Thanks for the response. To clarify my GI and cancer doc did say I am not a cancer patient but I still do have follow ups. With my cancer doc I am in every 3 weeks for a port flush and testosterone shot. I have another CAT scan in about 5 months. With my GI doc it was a significant difference in follow up with me because I had the surgery (surgery = less followup). I am still having stents done because of the stricture so he always takes a look and biopsy while he is there. I am the talk of the GI department because of my age/diagnoses so he is pretty thorough. 

I did go to see my primary care doc this morning and as soon as I finished telling her what was going on she said I sounded depressed. She asked if I was going to counseling or taking medication as apart of the cancer treatment and was surprised when I said no. I was never offered it from either of my two cancer docs. She said he vicodin was probably helping me with the depression all this time but as I have stepped it down the depression has shown up again. She prescribed some anti depression medication and put in a referral for counseling. It has been a tough year and having someone to talk to would be nice.

Honestly transitioning out of treatment into real life has been more challenging then I anticipated. I am happy to be through this but life can be a lot on it's own without knowing what your new normal is. 

So according to my doc it will take a couple of weeks for the new medication to really take affect. In the mean time I have a refill for vicodin so I can take 1-2 a day as needed. I really had no idea about this side of treatment but I am glad it is semi-normal (if there is such thing as normal). It is just another chapter and if I made it through all the rest I can make it through this one too. 

Thanks again for the reply. 

ArchTB's picture
Posts: 157
Joined: Dec 2010

Hi DS,

I am so glad to hear your health is good! I am not counting the mood swings as I am sure this could be much easily taken care of. My dear husband (37 yo) is only starting his battle against cancer. Knowing that someone of his age went through this nightmare and is actively kicking brings joy to my heart!

Obviously, when we got the news we read anything possible on the subject. Prior to my husband's diagnosis, we had to go through another battle to fight for his dad's life (he had colon cancer). We tried many different things. I am a very realistic person and quite far from any spiritual approaches to any desease treatment. However, what we did find is that some natural remedies are quite helpful.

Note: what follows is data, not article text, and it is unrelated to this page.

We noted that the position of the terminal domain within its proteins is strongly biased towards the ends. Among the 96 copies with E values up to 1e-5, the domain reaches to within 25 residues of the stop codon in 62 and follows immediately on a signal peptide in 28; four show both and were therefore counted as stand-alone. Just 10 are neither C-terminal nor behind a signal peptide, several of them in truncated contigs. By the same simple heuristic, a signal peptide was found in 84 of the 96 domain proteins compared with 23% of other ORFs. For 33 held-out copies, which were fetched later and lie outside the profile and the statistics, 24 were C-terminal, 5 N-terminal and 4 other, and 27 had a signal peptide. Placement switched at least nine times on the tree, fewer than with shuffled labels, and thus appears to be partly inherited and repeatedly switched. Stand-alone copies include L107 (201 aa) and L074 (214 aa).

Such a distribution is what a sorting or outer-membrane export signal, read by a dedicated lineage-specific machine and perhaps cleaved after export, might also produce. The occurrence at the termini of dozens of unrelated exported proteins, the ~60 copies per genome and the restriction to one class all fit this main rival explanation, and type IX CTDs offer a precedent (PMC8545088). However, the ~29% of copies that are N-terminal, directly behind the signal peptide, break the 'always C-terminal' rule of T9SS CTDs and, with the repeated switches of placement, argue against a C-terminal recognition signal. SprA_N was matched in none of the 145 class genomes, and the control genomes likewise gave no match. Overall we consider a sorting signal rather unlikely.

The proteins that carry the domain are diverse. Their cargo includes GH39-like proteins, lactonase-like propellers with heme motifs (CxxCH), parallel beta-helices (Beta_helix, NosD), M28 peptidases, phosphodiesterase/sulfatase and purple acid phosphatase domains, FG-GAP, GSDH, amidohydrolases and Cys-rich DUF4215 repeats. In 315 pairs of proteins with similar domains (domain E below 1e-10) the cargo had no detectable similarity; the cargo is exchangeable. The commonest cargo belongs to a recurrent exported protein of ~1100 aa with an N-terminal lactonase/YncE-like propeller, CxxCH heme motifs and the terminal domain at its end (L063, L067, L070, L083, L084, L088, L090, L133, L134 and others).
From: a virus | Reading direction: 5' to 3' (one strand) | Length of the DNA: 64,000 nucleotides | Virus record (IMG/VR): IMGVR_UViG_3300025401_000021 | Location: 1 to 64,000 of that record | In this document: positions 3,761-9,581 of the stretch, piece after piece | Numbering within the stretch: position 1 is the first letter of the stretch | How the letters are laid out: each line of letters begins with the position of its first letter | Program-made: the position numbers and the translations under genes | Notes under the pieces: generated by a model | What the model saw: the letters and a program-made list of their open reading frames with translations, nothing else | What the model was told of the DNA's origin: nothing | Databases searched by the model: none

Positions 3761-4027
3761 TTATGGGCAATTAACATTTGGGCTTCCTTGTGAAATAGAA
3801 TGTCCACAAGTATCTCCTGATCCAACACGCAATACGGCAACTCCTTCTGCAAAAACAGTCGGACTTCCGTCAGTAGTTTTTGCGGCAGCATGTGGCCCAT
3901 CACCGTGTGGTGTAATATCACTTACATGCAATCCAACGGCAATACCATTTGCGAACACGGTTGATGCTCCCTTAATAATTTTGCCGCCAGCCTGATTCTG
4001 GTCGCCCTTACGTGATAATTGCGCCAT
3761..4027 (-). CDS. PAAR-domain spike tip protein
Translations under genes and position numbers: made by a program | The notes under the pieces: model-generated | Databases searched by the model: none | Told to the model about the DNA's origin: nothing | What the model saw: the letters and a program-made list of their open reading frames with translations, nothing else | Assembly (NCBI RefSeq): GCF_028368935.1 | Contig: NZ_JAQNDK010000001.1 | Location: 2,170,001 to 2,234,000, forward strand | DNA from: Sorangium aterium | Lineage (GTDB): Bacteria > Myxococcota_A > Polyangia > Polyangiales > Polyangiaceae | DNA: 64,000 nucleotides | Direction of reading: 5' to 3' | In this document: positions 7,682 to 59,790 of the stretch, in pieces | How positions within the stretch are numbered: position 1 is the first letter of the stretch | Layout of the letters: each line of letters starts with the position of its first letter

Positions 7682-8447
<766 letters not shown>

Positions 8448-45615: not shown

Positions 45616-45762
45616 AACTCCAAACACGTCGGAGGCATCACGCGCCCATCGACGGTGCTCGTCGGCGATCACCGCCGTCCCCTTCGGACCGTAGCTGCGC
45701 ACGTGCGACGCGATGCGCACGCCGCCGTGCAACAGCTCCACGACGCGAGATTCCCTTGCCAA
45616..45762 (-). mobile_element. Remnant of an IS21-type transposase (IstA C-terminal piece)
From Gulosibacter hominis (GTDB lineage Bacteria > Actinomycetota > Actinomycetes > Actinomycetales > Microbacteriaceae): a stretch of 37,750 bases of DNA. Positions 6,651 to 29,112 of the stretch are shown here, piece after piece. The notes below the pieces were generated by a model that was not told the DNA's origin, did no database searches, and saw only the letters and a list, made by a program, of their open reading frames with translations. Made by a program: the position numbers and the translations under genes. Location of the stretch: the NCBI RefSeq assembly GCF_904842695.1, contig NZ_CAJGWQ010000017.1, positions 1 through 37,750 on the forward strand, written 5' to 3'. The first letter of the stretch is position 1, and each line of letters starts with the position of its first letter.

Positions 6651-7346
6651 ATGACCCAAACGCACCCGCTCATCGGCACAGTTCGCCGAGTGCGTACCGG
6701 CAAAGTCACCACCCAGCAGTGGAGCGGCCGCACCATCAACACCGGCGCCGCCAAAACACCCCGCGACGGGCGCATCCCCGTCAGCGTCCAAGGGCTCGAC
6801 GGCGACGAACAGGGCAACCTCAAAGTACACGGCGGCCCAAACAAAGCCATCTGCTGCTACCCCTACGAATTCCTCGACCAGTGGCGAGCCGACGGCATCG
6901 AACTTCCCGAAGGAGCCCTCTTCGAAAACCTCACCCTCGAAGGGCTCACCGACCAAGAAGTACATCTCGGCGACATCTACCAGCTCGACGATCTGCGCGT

One of the things that we found to be very helpful in keeping the spirits up and getting some energy was making herbal teas. In particular something that is called "sage tea" although it has a variety of components in it. You can look up info for each herb if you are interested, but basically sage and lemon balm help with digestion and immune system, while st. john word takes care of the depression.

Tom has been drinking it every day and it did help him a lot! He has to stop taking it now as all that stuff is supposed to detoxify body and thus to some extent might nigate the effect of chemo. But if you are done taking those toxic chemos, you can try the tea. Just check with your doctor if this is ok, as some herbs might not be taken with certain medications; and st. john word might make some people sensitive to sunlight.

Here is how you make the tea:

Boil one half liter of purified water, add 1 to 2 teaspoons of the sage herb (Salvia Officinalis) and let boil for exactly 3 minutes. Then add 1 teaspoon of St John’s Wort (Hypericum Perforatum) and 1 teaspoon of Peppermint Balm or Lemon Balm (Melissa Officinalis) and let everything steep for 10 minutes.

I know it might sound like some type of alchemist stuff, but hey, aren't you tired of getting drugs?!

Also, it might not be a very attractive option in this time of the year, but spending time outdoors seem to help getting energy and appetite back. When Tom's dad was sick, we were sitting in the park for hours playing fetch with his dog.

And finally, you are ALIVE! You made it! You have your family, people who love you and support you. It's really something to be happy about. Just keep on reminding yourself about it.

Wishing you all the best,